My research on Michel Foucault’s early unpublished works resulted in two important volumes: the critical edition of the manuscript Binswanger et l’analyse existentielle (op. cit.), and the monograph Young Foucault: The Lille Manuscripts on Psychopathology, Phenomenology, Anthropology, 1952-1955 (op. cit.). Foucault’s early writings on psychology and psychopathology have been considered by most interpreters as immature in relationship to the “archaeological” work he launched with History of Madness, to the point that Foucault’s study of Binswanger’s existential anthropology (1954) was only translated into English in the mid-1980s, while his two 1957 articles on psychology have never been translated into English. But this position becomes untenable in light of the newly-discovered unpublished manuscripts of the 1950s, when Foucault was lecturer at the University of Lille and the École normale supérieure (Paris). These documents now allow us to acknowledge the discrepancy between the tremendous amount of work that the philosopher produced and the very few writings that he published in the decade before the publication of his doctoral dissertation in 1961. Besides, further archival sources provide us with new information and details about the philosophical context and scientific network in which Foucault elaborated his first works, thereby letting us gain a new and deeper understanding of his intellectual biography.
In particular, my monograph constitutes an original analysis of the general epistemological “style” and methodology of Foucault’s philosophical project at the moment of its inception. It blurs the boundaries between biography and theoretical research in order to retrace the transformations, the difficulties and sometimes the contradictions that characterize the intellectual trajectory of a philosopher who, as Foucault himself put it, “turned to psychology, and from psychology to history.” The book draws from my research in the Fonds Michel Foucault at the Manuscripts Department of the Bibliothèque Nationale de France, as well as in various institutional and private archives in France, Germany and Switzerland.
Through a vast dissemination strategy at an international level (my publications are in several languages), my work is destined to become a global point of reference in the field of philosophy, social sciences and humanities. Moreover, my work on Foucault’s reading notes in order to make the critical edition of a manuscript, together with the acquisition of new knowledge, also impacts the methodological and epistemological reflection on the methods and strategies, which are implicit in the process of the construction of a philosophical corpus. The critical edition of Foucault’s manuscript Binswanger et l’analyse existentielle (op. cit.) is destined to be translated all over the world, and the monograph Young Foucault (op. cit.), published by the prestigious Columbia University Press, will be launched to the international market.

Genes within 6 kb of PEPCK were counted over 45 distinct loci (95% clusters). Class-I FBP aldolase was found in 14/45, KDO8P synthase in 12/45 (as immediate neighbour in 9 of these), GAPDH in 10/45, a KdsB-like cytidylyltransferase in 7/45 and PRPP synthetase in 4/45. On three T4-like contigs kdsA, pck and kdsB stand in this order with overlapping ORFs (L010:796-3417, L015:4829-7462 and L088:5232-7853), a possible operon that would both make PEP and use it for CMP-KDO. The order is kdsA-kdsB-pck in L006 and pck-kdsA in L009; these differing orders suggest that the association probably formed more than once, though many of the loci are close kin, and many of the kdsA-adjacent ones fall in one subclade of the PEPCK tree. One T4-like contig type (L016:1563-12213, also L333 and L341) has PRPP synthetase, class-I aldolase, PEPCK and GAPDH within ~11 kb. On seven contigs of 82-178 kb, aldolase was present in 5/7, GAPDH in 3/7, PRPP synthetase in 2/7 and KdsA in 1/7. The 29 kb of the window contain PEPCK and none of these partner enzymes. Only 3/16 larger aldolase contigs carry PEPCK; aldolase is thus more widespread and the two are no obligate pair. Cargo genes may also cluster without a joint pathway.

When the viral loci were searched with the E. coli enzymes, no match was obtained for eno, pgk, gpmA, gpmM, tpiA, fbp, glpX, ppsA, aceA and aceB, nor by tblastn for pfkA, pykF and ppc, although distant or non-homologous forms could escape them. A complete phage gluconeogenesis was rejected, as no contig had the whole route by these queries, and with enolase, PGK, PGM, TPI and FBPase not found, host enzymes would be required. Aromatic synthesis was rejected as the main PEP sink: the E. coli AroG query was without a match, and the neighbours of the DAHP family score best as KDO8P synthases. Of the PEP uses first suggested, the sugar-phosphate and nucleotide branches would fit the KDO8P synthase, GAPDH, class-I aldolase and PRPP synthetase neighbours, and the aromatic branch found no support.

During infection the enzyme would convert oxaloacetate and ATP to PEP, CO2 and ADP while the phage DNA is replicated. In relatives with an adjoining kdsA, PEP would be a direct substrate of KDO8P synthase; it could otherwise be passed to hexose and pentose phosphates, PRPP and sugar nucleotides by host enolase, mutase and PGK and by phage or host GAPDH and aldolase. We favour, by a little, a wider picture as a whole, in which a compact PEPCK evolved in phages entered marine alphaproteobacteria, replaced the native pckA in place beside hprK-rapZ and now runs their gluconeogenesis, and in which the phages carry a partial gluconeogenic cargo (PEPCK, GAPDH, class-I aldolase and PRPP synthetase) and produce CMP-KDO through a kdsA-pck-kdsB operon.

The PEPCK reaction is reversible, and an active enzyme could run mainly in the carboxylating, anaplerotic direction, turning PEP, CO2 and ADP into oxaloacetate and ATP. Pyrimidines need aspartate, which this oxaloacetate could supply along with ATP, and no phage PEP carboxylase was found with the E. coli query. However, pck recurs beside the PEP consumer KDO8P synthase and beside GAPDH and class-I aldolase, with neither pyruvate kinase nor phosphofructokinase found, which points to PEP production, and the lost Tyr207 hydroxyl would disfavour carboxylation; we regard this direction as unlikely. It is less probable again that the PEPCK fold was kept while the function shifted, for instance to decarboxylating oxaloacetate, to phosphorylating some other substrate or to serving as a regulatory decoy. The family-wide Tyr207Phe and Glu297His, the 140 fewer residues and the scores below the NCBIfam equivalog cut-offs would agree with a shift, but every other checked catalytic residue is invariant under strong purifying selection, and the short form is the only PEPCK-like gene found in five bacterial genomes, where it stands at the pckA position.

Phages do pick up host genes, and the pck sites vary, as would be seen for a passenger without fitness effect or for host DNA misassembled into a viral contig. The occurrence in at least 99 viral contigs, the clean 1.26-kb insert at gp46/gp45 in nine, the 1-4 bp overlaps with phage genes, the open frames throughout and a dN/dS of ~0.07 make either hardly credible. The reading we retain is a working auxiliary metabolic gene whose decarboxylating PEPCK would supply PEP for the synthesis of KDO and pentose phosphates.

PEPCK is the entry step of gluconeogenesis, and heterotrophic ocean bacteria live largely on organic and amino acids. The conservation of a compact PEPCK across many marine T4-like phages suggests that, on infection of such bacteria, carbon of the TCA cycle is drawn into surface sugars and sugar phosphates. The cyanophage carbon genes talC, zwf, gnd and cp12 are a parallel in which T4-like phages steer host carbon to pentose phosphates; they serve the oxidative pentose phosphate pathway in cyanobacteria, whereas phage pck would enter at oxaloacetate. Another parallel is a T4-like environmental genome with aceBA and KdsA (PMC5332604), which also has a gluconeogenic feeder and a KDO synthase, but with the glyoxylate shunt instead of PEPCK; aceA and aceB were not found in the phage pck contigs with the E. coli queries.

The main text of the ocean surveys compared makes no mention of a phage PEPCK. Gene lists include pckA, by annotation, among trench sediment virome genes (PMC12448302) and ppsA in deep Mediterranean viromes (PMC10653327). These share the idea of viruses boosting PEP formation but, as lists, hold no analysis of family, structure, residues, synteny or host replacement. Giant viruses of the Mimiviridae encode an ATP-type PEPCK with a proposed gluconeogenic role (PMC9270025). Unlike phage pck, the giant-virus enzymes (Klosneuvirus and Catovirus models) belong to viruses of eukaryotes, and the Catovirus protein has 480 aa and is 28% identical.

My intensive and systematic investigation into Foucault’s archives of the 1950s will offer new original inputs, thereby letting researchers all around the world not only to discover a new approach to Foucault’s ideas, but also to assess their impact in several philosophical topical debates on humanism, diversity, gender, and biopolitics. Potential users of the results of my project are not only established researchers, but also undergraduate and PhD students asking to consult the archive in the search for new information about Foucault’s intellectual path, as well as details and topics that can stimulate or even change the hypotheses behind their research. Drawing from this background, EDIFOU meets not only the growing demand from international researchers (esp. historians of philosophy and social scientists) of all levels for new information and knowledge about Foucault’s archive. My archival research will also be largely exploited by researchers who are currently working on editorial projects related to Foucault’s unpublished manuscripts.
Since the publication of the critical edition of Foucault’s manuscripts Binswanger et l’analyse existentielle (op. cit.), I have been contacted by a great number of international scholars.
Flyer conference Fiches et fichiers: L’archive Foucault à l’ère du numérique
Video: Foucault’s Critique of the Human Sciences in the 1950s
Cover of the volume: Binswanger et l'analyse existentielle (critical edition by E. Basso)
Contract monograph Columbia University Press